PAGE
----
Lawsuit: OSU ‘Funneled’ Sexual Assault Victims with ‘Assembly-Line Efficiency’ to Richard Strauss

Another 36 former student athletes filed a lawsuit against Ohio State University on Wednesday. The suit alleged that university officials “aided, abetted, and actively concealed” the abuse they suffered at the hands of Dr. Richard Strauss while he was a physician at the OSU. Michael DiSabato—who had previous come forward with his own story of abuse—is the lead plaintiff with an additional 36 unnamed John Does.

The suit said OSU “funneled Plaintiffs and other student-athletes to Strauss with assembly-line efficiency, whereupon Strauss cornered and sexually assaulted them. He sexually assaulted/abused most of the Plaintiffs more than once, and some wrestlers between 20-50 times.”

According to the plaintiffs, OSU violated Title IX by failing to respond to allegations of Strauss’ abuse. The complaint alleged that Strauss molested victims during physicals. Strauss would fondle or grope their genitals and asked whether they liked it, the suit claimed.

Strauss allegedly “took an extended amount of time with each patient” and “examined his patients in a room with the door closed.”

“Hernia checks often took several minutes. Some Plaintiffs, however, remember Strauss checking inspecting and fondling their genitals for ten or fifteen minutes. A line would form outside of Strauss’ exam room as the athletes completed the other stations and anxiously waited for Strauss to exam them,” the documents said.

These exams  allegedly became “rather notorious” and “at least one team head coach requested that someone other than Strauss conduct the hernia checks for team physicals.”

The lawsuit listed the medical excuses Strauss allegedly made for his actions:

When Plaintiffs asked Strauss why he was massaging their genitals and probing their rectums, he came up with many different medical explanations. Hernia and lymph node checks were the most common explanations. Sometimes, Strauss placed his face so close to his patients that they could feel his breath on their genitals. Sometimes he had them stand on tables so his head was at crotch height. Other times he had them sit on a bench and spread their legs; he would then roll across the floor on a wheeled stool and stick his face deep between their legs to perform his exam. Sometimes Strauss would don a headlamp and turn off the room lights before putting his head inches away from patients’ penises. When one Plaintiff asked Strauss to explain the room lights off/headlamp behavior, Strauss said he was checking for skin rashes and STDs. He assured the Plaintiff that this technique allowed him to perform the best possible examination for those kinds of problems.

Michael Wright, an attorney for the plaintiffs, said that his clients were not contacted by the law firm Perkins Coie when they investigated the university’s role in Strauss’s alleged systemic sexual abuse.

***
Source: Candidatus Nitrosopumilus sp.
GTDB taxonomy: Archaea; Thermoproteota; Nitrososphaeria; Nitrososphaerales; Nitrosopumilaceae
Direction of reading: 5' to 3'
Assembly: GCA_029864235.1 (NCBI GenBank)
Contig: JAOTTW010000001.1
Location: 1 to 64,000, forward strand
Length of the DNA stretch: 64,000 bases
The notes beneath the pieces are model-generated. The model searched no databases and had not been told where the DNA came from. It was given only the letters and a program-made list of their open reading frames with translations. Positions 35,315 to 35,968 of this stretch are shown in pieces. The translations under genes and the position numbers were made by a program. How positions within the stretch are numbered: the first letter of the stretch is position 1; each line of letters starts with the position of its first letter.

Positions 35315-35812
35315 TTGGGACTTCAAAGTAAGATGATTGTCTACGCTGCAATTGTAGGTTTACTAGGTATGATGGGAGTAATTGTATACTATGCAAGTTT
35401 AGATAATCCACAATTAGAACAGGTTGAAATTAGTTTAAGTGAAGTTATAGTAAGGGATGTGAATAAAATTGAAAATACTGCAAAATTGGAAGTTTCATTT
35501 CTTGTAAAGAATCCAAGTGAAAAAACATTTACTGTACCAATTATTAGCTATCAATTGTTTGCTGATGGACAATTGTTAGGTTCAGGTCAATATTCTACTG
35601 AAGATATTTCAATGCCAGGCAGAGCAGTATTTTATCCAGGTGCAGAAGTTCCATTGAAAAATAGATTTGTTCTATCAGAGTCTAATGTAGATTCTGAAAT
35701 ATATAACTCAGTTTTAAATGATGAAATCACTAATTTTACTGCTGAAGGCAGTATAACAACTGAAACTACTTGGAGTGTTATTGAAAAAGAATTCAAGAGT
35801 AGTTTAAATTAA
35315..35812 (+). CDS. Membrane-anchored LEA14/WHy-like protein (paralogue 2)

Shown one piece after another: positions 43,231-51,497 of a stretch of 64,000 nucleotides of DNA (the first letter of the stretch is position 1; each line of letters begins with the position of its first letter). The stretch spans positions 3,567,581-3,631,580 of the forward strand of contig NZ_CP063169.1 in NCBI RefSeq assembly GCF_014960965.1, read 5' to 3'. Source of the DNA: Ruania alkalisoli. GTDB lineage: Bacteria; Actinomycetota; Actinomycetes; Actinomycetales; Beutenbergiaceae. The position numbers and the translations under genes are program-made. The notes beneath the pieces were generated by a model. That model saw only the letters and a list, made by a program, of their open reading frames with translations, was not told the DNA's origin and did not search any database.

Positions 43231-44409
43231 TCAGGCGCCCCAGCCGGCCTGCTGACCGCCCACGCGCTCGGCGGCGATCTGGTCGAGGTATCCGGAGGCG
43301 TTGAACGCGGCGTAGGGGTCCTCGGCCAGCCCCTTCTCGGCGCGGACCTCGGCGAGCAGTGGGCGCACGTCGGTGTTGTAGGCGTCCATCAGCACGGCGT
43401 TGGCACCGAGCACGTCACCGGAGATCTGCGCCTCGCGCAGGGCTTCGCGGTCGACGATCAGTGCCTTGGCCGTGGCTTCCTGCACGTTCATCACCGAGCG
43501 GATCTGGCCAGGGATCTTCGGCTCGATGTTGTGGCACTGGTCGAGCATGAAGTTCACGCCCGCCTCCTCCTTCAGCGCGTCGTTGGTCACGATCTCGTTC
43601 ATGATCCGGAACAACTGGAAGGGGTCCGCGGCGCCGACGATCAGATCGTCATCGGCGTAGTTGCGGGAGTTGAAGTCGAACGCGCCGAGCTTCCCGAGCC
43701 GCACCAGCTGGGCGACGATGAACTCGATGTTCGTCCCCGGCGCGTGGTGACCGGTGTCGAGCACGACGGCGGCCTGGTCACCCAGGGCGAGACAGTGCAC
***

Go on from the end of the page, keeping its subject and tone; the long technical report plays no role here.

A report released earlier this month found that Strauss abused 177 male students while he was a physician at the Athletics and Student Health departments. Strauss would conduct genital examinations that were “unusually prolonged” and it was “broadly known” within the Athletics Department that Strauss showered alongside male students—which led students to “repeatedly” complain about the behavior to their coaches. No “meaningful action” was taken by the school until 1996.

That year, a student accused Strauss of “fondling him during a genital examination.” The university suspended him and took up a “very limited investigation” of Strauss’s complaint history. Although Strauss was permanently removed from the Athletics and Student Health department, he was allowed to keep his tenure as a faculty member. After he was removed, Strauss allegedly opened a “private, off-campus ‘men’s clinic’ where he continued to sexually abuse OSU students”:

During this period, Strauss persisted in protesting his removal from Athletics and Student Health to the various University officials. Despite these efforts, Strauss was ultimately told in October 1997 that the University would not consider reinstating him as a physician in Athletics or Student Health. Shortly thereafter, Strauss determined that he would retire from the University. Upon his voluntary retirement on March 1, 1998, Strauss received the “emeritus” honorific from OSU, which her maintained until his death in 2005.

Spokesman for OSU Ben Johnson referred comment back to a previous statement that university president Michael V. Drake wrote at the time of the Perkins Coie report came out.

“On behalf of the university, we offer our profound regret and sincere apologies to each person who endured Strauss’ abuse,” Drake wrote in that statement. “Our institution’s fundamental failure at the time to prevent this abuse was unacceptable — as were the inadequate efforts to thoroughly investigate complaints raised by students and staff members.” He added, “this independent investigation was completed because of the strength and courage of survivors. We thank each of them for their willingness to share their experiences.”

Ohio State University Lawsuit by on Scribd

[Image via WCMH screengrab]

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